The light of the lamps and the candles
in our bedroom
staggers out across the ceiling;
an ocean flickers, swims among
islands of solid artificial light
—or, also—
Christmas lights in an apartment,
when I moved out of the dorms
and walked to and from campus.
Burning on the balcony
a candle caught fire and I
had to put it out;
I sat and I watched it

Little ultraviolet Christmas lights
in a bedroom back at home,
they swam, but always in little lines,
in formation; I could fixate on them
when I was tripping acid—breathless—
breathless against the lights
that eek out a little life against the night,
the shroud, the descent, the receding tide of sunlight
now long since foam along the shoreline:
the beachhead where the moonlight that glints
off pebbles and seashells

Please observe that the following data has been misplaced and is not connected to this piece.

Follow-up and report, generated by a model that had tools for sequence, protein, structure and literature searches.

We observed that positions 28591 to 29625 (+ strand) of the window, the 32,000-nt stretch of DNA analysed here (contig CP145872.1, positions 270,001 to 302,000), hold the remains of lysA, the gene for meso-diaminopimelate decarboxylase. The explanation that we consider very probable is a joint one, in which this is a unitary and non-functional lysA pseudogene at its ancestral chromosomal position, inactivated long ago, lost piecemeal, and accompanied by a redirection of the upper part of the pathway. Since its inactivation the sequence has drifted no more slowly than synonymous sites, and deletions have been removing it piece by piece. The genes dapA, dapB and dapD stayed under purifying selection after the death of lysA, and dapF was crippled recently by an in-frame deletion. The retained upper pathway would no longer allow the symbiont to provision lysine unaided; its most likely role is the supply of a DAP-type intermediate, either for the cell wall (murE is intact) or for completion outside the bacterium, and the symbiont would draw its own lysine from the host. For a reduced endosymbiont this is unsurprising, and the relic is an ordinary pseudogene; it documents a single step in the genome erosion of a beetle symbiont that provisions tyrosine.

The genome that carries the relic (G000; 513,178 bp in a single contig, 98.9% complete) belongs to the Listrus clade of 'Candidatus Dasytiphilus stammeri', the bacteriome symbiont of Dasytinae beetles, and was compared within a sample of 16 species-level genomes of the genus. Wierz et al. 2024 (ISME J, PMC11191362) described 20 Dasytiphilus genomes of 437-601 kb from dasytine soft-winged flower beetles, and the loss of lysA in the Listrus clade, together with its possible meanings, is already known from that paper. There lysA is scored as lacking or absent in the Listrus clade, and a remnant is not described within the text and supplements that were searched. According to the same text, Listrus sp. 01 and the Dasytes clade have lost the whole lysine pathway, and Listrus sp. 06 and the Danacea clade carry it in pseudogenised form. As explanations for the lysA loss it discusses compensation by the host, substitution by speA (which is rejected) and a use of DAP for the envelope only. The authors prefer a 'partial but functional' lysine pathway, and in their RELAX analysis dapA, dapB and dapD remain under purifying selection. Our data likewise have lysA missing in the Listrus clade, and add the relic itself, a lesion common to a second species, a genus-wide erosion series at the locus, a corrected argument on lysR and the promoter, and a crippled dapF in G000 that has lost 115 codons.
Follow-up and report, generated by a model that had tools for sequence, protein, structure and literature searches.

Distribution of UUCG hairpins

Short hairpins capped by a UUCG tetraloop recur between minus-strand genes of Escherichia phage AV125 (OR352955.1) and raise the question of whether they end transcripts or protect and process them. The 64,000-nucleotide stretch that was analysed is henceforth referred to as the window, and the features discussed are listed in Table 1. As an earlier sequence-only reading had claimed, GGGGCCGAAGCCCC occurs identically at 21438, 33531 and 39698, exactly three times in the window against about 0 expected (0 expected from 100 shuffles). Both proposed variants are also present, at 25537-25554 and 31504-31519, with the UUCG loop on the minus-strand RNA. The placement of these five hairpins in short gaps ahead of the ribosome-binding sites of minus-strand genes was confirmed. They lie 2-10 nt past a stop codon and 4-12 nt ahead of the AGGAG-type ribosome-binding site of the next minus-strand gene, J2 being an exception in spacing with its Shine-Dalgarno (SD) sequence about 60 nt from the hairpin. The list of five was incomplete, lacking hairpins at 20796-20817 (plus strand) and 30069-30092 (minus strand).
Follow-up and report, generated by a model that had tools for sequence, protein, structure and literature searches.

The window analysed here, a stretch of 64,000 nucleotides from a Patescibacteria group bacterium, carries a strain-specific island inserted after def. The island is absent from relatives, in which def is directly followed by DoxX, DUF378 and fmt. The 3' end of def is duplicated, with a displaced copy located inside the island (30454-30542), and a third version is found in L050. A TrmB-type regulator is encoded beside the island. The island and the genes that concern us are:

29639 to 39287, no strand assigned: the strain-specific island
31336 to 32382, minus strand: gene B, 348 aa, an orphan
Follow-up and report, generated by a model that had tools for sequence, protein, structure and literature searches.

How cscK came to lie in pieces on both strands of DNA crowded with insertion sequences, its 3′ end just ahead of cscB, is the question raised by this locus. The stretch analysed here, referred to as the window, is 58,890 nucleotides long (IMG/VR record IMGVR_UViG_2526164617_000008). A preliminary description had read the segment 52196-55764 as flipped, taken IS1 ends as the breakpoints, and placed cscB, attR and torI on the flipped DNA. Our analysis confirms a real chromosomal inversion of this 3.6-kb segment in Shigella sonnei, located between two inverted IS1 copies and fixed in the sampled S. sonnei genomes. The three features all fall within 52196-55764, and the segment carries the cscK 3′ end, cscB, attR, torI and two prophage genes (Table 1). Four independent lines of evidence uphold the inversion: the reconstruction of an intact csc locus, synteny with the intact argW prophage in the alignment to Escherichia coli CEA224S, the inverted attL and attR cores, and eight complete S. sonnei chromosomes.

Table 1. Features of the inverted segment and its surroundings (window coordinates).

is death itself—
salty, cold, and firm in the wet sand.
Waves like a chant, a prayer uttered
on the lips of time, they soothe and
erase the faintest traces.

And the light from my cellphone screen
as I try to reach you
pings off my face into the night, and proves,
once again, that I am right about my obsession:
the further forward we push against darkness, against time
with all our candles, lamps, cars, and cellphones
—fire, wheel, cotton gin, computer—
our progression brings us all back to that beginning
when we were more primal and more raw.
My love, I can only hold so bright a view briefly,
before it flickers back out against the night—
but more than tides of history, or philosophy,
I imagine us together
—undefined, yet alive,
  like those little pools of light along the ceiling,
  like the LED porchlight that
  after so many years
  still waits to burn out.